Bruce Zuraw presented on “The Ever-Changing Therapeutic Landscape of HAE due to C1 inhibitor Deficiency.”
C1-inhibitor treatment has been exploding in recent years. And for a good reason: C1-inhibitor replacement works better than androgen therapy for HAE, and is safer.
3 treatment strategies – on demand, ST prophylaxis and LT prophylaxis. Traditionally, there have been three main treatment strategies for HAE-C1INH: https://twitter.com/MatthewBowdish/status/1088611625723023360
Summary of treatment landscape up until 2 years ago: https://twitter.com/RayFirszt/status/1088612218776633344
New meds for HAE – Haegarda and lanadelumab hold promise that HAE patients can live a pretty much normal life.
HAEgarda and lanadelumab appear to be more effective than Cinryze and are cheaper.
Haegarda is a SC C1-inhibitor – 60 IU/kg – it reduced attacks by 95% . 80% of patients were attack free. Safe. Haegarda was associated with injection site reactions. Dosing is 2 times per week.
Functional C1-inhibitor levels correlate with risk of attack. We should measure the C1-INH function in patients who are treated and are not well controlled.
Lanadelumab dose is 300 mg SC q2 weeks. Kallikrein inhibitor. Significant reduction in attacks. Also attacks were less severe.
Upcoming meds for HAE: oral kallikrein inhibitor in a phase 2 study. Seems to be effective (BCX7353). Dose is 125 mg taken orally. Higher doses seem to be irritating to GI tract. Will be used for LTP. BCX7353 in Phase II Trial, oral plasma kallikrein inhibitor, results in NEJM: https://twitter.com/MatthewBowdish/status/1088618463931785216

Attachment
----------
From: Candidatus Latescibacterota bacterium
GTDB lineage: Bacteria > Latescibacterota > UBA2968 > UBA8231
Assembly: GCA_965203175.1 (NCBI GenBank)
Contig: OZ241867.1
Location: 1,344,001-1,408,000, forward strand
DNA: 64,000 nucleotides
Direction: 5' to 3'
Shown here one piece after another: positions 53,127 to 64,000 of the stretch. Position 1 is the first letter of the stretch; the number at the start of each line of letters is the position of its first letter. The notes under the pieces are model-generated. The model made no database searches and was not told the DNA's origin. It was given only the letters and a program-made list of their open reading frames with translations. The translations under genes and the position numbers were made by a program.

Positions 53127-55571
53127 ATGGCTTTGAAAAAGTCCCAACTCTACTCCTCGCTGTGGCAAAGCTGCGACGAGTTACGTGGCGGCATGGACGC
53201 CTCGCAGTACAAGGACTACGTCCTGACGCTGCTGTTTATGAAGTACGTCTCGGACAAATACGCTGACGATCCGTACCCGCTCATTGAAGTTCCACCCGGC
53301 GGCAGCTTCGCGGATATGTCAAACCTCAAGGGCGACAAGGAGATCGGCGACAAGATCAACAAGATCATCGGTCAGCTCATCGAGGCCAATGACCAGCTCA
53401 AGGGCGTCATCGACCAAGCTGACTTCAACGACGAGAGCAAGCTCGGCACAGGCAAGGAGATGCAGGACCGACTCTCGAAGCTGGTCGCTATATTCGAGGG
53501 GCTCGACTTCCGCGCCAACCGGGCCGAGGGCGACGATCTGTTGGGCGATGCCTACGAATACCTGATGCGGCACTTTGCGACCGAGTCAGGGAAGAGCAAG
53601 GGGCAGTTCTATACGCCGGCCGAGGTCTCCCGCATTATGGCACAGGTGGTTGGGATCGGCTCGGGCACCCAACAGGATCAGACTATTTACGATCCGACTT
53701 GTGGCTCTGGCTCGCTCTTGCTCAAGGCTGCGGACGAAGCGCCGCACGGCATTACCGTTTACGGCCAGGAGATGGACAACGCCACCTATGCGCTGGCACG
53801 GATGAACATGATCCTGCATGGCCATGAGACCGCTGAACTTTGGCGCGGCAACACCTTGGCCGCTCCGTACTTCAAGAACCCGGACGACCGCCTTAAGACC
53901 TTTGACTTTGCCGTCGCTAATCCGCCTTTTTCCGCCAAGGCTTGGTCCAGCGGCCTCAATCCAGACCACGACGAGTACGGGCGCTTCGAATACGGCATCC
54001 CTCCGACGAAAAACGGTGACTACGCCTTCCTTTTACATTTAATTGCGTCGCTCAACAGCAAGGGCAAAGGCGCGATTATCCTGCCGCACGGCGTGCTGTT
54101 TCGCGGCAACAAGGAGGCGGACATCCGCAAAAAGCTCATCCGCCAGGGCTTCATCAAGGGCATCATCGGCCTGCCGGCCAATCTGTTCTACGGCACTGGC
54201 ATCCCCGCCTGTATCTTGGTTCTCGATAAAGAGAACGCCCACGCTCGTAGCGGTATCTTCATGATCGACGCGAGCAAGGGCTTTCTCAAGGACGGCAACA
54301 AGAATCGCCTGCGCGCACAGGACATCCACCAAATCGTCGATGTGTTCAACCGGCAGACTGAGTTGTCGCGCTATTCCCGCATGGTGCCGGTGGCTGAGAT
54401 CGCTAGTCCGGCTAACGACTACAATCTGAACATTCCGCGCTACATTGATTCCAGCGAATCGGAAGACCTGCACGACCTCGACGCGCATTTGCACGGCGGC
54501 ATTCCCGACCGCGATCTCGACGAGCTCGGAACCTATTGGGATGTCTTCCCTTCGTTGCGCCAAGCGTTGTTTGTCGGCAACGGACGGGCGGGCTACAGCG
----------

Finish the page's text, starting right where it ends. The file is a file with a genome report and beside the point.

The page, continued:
Ruconest is being looked at for LTP for HAE. Dosing twice per week showed a 60-70% reduction of attacks in severe patients. 1 dose per week led to a 40% reduction – lower effectiveness likely to short half life.
CSL312, a monoclonal Factor XII inhibitor, is in early stages of Phase II trial. It inhibits bradykinin formation through contact system.
Another possible future option is an Antisense Oligonucleotide (ASO) against Prekallikrein, currently in Phase I: https://twitter.com/MatthewBowdish/status/1088621097661038592
Direct medical costs of on demand tx of HAE plus indirect costs equal roughly $400K/year, which rivals those expensive preventative meds.
Is gene editing an answer to HAE? Gene therapy was being studied in C1-inhibitor def. Adenovirus-associated gene replacement. Currently on HOLD.
HAE is a pediatric disease: average age of symptom onset is 10-11 years. Some are very young. The younger the age, possibly more severe dz. No drugs approved for HAE under 12: https://twitter.com/RayFirszt/status/1088614626764283904
This is a Twitter summary from the 2019 WSAAI meeting. This summary was compiled from the tweets posted by Matthew Bowdish @MatthewBowdish and Ray Firszt @RayFirszt, who attended the 2019 Western Society of Allergy, Asthma and Immunology (WSAAI) meeting. The tweets were labeled #WSAAI. The text was edited by me.
Treatments for Hereditary Angioedema (HAE) (click to enlarge the image).
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